U.S. Rep. Debbie Wasserman Schultz said Friday that Washington’s October of dysfunction was “incredibly challenging, difficult, divisive [and polarized.”
But that’s not all. “I could keep going,” she said, adding vitriolic and poisonous.
The Weston Democrat said the resolution, a temporary budget and short-term increase in the nation’s borrowing authority, were difficult to achieve because of the tea party, which she sharply criticized in an interview with the Sun Sentinel editorial board.
“Tea party affiliated Republicans are hell bent on my way or the highway politics [and] refuse to acknowledge that perhaps every belief they subscribe to is not 100 percent correct,” she said. “The tea party treats their opposition like the enemy, and when they think I’m wrong, I’m not just wrong, I’m a liar.”
She was softer, though still critical of Republicans who voted with Democrats to reopen the government and raise the debt ceiling. She said they displayed some “courage,” but it came late in the partial government shutdown, which stemmed from an effort by conservatives to delay or kill the Affordable Care Act, known as Obamacare.
Wasserman Schultz avoided what she the kind of rhetoric used by the House Democratic campaign committee, which labeled U.S. Rep. Ileana Ros-Lehtinen, R-Miami, a “partner in a reckless and irresponsible political game.”
“I’m not going to direct any animus toward Congresswoman Ros-Lehtinen. We have a good working relationship and it’s important for South Florida that we maintain those good relationships. And I have said we’ve got to turn down the vitriolic rhetoric,” Wasserman Schultz said.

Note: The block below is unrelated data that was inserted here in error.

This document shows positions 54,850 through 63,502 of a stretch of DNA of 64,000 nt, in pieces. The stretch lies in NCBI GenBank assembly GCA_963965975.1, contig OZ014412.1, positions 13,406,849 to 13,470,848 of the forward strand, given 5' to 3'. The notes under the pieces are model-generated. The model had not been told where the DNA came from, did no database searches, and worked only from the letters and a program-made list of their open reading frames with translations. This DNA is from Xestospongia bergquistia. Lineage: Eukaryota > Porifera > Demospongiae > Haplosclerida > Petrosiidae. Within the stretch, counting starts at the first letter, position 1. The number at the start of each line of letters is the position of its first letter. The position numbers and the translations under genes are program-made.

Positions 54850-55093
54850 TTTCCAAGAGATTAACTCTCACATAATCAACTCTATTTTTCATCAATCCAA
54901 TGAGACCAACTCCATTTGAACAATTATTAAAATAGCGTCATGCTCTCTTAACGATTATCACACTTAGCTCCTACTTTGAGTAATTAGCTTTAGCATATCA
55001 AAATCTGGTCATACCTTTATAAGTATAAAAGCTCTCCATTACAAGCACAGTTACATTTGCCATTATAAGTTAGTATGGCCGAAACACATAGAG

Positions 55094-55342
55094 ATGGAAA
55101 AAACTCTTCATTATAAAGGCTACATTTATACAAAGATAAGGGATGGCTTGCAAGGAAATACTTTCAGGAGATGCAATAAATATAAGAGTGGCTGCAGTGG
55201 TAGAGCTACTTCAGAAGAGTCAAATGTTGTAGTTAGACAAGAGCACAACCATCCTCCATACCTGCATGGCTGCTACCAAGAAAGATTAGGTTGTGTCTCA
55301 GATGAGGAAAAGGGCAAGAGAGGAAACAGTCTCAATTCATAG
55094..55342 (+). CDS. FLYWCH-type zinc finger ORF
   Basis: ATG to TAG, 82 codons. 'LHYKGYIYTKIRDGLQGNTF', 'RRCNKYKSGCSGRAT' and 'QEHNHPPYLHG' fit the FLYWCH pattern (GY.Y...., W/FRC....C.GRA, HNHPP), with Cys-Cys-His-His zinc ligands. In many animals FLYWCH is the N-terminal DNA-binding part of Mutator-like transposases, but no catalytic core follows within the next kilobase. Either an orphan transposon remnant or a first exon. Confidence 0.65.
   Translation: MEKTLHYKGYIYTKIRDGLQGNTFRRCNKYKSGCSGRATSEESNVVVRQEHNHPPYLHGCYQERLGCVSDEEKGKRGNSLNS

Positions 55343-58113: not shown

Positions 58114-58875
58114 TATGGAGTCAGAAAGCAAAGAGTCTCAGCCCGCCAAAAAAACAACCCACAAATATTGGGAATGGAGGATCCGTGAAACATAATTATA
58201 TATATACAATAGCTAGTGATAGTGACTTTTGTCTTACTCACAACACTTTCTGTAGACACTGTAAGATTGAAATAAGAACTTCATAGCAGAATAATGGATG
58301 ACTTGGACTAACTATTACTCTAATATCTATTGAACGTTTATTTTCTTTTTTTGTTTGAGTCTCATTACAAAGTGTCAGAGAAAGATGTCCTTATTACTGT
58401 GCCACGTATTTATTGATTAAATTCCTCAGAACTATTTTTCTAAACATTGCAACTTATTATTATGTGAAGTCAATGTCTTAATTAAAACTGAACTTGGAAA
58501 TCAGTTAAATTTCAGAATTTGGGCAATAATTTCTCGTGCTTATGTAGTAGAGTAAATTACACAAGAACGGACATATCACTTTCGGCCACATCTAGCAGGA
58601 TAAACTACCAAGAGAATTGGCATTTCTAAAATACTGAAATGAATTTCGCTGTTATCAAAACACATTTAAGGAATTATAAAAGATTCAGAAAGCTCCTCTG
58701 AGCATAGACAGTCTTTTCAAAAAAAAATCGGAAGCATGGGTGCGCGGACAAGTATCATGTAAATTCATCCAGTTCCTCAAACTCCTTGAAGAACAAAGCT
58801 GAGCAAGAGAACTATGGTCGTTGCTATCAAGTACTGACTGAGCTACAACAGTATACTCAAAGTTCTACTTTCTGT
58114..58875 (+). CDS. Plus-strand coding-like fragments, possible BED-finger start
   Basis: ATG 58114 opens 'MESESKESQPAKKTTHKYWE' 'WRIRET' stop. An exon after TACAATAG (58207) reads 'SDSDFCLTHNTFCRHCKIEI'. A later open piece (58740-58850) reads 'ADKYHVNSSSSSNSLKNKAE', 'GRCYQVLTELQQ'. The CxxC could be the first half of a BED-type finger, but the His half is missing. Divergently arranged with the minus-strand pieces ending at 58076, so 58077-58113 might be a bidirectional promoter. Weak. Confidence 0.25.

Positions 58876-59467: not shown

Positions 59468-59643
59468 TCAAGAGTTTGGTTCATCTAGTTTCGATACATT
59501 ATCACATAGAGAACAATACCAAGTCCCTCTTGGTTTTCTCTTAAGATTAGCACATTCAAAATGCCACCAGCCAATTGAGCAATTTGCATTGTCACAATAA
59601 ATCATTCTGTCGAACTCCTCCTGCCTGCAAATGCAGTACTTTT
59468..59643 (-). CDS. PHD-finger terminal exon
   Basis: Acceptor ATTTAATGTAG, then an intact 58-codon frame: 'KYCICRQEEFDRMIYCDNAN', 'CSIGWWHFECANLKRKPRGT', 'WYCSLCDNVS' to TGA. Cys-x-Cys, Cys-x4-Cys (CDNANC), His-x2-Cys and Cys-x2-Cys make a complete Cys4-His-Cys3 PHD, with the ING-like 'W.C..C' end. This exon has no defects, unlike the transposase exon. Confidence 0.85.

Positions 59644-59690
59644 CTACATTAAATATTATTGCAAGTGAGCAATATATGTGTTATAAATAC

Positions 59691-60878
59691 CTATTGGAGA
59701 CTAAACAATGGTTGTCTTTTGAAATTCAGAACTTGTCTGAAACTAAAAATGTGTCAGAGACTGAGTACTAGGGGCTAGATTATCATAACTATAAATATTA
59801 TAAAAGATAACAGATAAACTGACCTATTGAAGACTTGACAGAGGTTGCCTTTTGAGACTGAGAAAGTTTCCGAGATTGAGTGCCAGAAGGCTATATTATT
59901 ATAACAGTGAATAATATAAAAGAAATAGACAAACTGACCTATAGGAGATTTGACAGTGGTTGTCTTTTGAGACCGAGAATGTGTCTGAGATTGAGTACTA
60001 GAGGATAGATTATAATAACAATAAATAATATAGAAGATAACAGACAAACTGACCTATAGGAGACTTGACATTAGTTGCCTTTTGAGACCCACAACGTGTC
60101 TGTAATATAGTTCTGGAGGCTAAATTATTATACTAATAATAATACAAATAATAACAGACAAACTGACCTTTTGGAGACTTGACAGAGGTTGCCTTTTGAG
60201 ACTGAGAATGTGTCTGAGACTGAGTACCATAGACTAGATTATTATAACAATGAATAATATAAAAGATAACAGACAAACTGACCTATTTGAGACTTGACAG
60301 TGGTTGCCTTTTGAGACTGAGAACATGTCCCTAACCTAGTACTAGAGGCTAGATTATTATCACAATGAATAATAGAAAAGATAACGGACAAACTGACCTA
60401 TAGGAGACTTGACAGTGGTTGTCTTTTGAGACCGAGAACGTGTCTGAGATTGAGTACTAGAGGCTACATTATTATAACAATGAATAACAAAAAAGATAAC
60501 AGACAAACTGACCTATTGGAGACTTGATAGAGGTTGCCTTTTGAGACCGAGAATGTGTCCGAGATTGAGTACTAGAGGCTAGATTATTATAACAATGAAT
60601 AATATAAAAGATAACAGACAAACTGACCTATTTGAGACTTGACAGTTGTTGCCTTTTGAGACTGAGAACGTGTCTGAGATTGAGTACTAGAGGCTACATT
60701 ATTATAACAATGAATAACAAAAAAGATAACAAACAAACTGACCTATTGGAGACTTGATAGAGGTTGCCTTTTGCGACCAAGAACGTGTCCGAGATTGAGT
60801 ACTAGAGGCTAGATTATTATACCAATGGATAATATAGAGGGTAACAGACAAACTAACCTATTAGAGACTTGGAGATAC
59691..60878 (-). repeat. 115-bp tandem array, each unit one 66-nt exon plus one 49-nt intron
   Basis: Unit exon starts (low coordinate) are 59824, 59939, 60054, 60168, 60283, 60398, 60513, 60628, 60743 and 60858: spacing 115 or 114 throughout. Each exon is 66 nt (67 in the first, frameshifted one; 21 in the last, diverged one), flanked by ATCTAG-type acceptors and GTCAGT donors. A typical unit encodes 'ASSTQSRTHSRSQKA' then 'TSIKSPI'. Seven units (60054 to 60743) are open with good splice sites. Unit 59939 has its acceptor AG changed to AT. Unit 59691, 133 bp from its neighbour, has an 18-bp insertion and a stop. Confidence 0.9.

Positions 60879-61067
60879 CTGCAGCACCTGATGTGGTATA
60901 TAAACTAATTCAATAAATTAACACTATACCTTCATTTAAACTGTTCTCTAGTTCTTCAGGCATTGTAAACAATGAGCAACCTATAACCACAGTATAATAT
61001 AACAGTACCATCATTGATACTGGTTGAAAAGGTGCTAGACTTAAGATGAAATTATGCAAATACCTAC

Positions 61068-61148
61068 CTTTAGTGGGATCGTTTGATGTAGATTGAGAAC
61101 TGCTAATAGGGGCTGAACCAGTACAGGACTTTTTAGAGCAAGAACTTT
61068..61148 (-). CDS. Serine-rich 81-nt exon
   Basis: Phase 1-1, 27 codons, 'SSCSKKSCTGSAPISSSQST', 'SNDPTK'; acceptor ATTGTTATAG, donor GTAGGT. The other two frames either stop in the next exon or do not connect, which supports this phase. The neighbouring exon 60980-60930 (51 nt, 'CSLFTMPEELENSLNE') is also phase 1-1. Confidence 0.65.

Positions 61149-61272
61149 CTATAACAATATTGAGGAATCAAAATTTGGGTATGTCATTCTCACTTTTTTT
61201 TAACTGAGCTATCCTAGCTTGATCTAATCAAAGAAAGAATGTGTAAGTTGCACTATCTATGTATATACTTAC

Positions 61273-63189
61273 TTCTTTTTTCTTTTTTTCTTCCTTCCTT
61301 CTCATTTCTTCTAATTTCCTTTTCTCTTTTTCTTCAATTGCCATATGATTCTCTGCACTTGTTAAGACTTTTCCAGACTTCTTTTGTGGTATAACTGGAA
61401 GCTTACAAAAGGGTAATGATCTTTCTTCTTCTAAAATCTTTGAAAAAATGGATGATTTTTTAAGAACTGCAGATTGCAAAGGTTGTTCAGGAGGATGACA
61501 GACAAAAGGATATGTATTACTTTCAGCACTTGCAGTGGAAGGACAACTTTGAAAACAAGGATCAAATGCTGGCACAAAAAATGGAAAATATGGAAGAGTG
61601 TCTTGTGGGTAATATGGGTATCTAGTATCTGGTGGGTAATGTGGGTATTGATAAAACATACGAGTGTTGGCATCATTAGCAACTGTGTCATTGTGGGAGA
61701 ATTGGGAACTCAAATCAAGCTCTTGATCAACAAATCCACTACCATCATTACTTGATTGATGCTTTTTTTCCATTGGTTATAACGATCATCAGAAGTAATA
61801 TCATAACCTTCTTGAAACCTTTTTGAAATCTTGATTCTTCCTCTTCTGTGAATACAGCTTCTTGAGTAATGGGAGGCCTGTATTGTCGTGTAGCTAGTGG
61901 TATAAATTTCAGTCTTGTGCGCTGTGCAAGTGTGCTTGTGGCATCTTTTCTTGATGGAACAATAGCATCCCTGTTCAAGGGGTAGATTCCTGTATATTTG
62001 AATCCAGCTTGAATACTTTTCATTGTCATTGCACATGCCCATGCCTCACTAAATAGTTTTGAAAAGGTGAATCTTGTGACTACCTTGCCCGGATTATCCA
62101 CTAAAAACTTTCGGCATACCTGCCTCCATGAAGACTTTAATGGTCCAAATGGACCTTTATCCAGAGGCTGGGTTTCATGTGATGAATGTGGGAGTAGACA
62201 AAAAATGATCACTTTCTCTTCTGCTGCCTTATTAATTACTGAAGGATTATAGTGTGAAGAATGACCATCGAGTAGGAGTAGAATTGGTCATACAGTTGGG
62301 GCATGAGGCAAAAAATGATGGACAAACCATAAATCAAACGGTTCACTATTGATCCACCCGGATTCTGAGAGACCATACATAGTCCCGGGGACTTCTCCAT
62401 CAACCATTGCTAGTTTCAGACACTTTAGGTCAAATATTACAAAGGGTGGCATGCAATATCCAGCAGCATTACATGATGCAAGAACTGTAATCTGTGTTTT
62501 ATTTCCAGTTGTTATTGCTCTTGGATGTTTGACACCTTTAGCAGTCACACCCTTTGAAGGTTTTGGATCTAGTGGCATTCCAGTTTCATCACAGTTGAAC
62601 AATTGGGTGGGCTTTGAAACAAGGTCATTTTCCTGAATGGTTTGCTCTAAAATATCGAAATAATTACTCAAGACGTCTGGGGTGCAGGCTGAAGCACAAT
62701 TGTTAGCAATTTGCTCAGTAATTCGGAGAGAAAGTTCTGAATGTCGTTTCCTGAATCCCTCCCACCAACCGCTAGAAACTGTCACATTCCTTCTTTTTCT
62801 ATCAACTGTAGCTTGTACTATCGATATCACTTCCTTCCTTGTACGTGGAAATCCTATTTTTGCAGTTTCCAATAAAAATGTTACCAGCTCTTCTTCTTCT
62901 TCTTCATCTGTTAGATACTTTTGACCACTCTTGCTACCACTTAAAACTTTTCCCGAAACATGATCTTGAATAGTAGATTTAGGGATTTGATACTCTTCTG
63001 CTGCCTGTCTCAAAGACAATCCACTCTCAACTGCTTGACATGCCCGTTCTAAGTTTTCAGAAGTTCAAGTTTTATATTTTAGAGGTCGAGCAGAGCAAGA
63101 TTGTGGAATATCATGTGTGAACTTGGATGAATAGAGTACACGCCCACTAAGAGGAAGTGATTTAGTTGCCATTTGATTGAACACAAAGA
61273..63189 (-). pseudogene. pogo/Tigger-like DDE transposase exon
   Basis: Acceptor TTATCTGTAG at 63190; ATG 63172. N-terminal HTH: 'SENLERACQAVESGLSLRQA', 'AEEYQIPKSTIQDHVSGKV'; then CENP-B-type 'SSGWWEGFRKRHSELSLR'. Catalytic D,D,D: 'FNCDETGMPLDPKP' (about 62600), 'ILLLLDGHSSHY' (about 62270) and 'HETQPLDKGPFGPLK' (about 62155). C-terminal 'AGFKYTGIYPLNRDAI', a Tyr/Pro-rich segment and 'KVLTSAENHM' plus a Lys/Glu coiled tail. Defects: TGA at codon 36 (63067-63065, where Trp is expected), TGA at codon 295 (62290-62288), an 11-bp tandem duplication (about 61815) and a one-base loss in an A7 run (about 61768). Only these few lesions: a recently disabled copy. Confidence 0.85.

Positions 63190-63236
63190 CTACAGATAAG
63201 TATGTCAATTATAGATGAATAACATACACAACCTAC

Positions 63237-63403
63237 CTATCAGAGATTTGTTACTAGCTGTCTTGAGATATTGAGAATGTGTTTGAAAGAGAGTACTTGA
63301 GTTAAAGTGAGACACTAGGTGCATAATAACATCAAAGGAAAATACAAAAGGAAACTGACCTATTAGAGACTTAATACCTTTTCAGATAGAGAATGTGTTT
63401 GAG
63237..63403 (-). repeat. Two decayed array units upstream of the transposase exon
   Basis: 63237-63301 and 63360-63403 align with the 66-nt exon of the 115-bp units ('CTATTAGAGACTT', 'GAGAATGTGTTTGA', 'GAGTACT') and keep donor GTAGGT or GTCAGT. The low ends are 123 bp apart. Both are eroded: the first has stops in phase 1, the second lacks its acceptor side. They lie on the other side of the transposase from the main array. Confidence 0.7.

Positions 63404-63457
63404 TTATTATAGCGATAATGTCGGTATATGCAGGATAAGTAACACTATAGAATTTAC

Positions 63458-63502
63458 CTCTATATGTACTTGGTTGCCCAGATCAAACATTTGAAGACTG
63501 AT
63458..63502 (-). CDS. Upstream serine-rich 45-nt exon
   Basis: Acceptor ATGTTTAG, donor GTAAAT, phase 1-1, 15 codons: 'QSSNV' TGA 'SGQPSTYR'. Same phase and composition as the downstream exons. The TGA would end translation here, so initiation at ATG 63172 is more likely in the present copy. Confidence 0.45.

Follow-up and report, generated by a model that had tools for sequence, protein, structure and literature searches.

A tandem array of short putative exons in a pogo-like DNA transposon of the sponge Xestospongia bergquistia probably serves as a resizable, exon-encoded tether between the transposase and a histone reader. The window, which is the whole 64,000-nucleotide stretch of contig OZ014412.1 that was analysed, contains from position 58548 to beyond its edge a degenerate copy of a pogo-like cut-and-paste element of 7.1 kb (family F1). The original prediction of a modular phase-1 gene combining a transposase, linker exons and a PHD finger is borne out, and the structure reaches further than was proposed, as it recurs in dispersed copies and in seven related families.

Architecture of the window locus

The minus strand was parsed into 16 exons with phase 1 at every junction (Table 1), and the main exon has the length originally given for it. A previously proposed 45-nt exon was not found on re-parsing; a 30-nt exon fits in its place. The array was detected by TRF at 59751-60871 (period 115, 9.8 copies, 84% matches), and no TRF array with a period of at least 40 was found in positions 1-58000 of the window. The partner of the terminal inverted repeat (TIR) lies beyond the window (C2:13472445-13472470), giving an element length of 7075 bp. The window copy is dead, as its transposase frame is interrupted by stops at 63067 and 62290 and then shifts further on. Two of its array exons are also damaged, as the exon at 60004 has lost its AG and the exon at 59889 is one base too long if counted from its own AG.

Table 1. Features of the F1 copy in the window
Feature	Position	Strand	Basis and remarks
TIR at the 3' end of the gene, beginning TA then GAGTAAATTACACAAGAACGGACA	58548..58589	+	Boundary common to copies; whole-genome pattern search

Wasserman Schultz, who is chairwoman of the Democratic National Committee, didn’t hold back criticism of Republican leaders. She said House Speaker John Boehner, R-Ohio, could better lead his fractious caucus if he’d “go see the wizard and find some courage. You have to be less consumed with holding onto power and more concerned with doing the right thing.”
Wasserman Schultz said the rollout of the Obamacare online health exchange hasn’t been as disastrous as many people think.
The Obama administration hasn’t released figures, but the research firm Millwad Brown Digital reported 3.7 million people attempted to register during the first week and just 36,000, or 1 percent, were successful.
She said “problems, glitches, obstacles” are inevitable with a complex new system. “That happens with apps when they’re released all the time and tech companies don’t just decide to scrap the whole plan. What do they do? They upload version 2 and version 3 with bug fixes, and we don’t all raise holy hell over the fact that there were a few bugs in a new app that was released.”
She said plans by some congressional Republicans to investigate the problems are “a witch hunt. The Republicans that are leading the Government Oversight Committee, that is what they wake up every single day trying to do. What’s the new witch hunt of the day that they can use to undermine President Obama and his administration.”Copyright © 2015, CT Now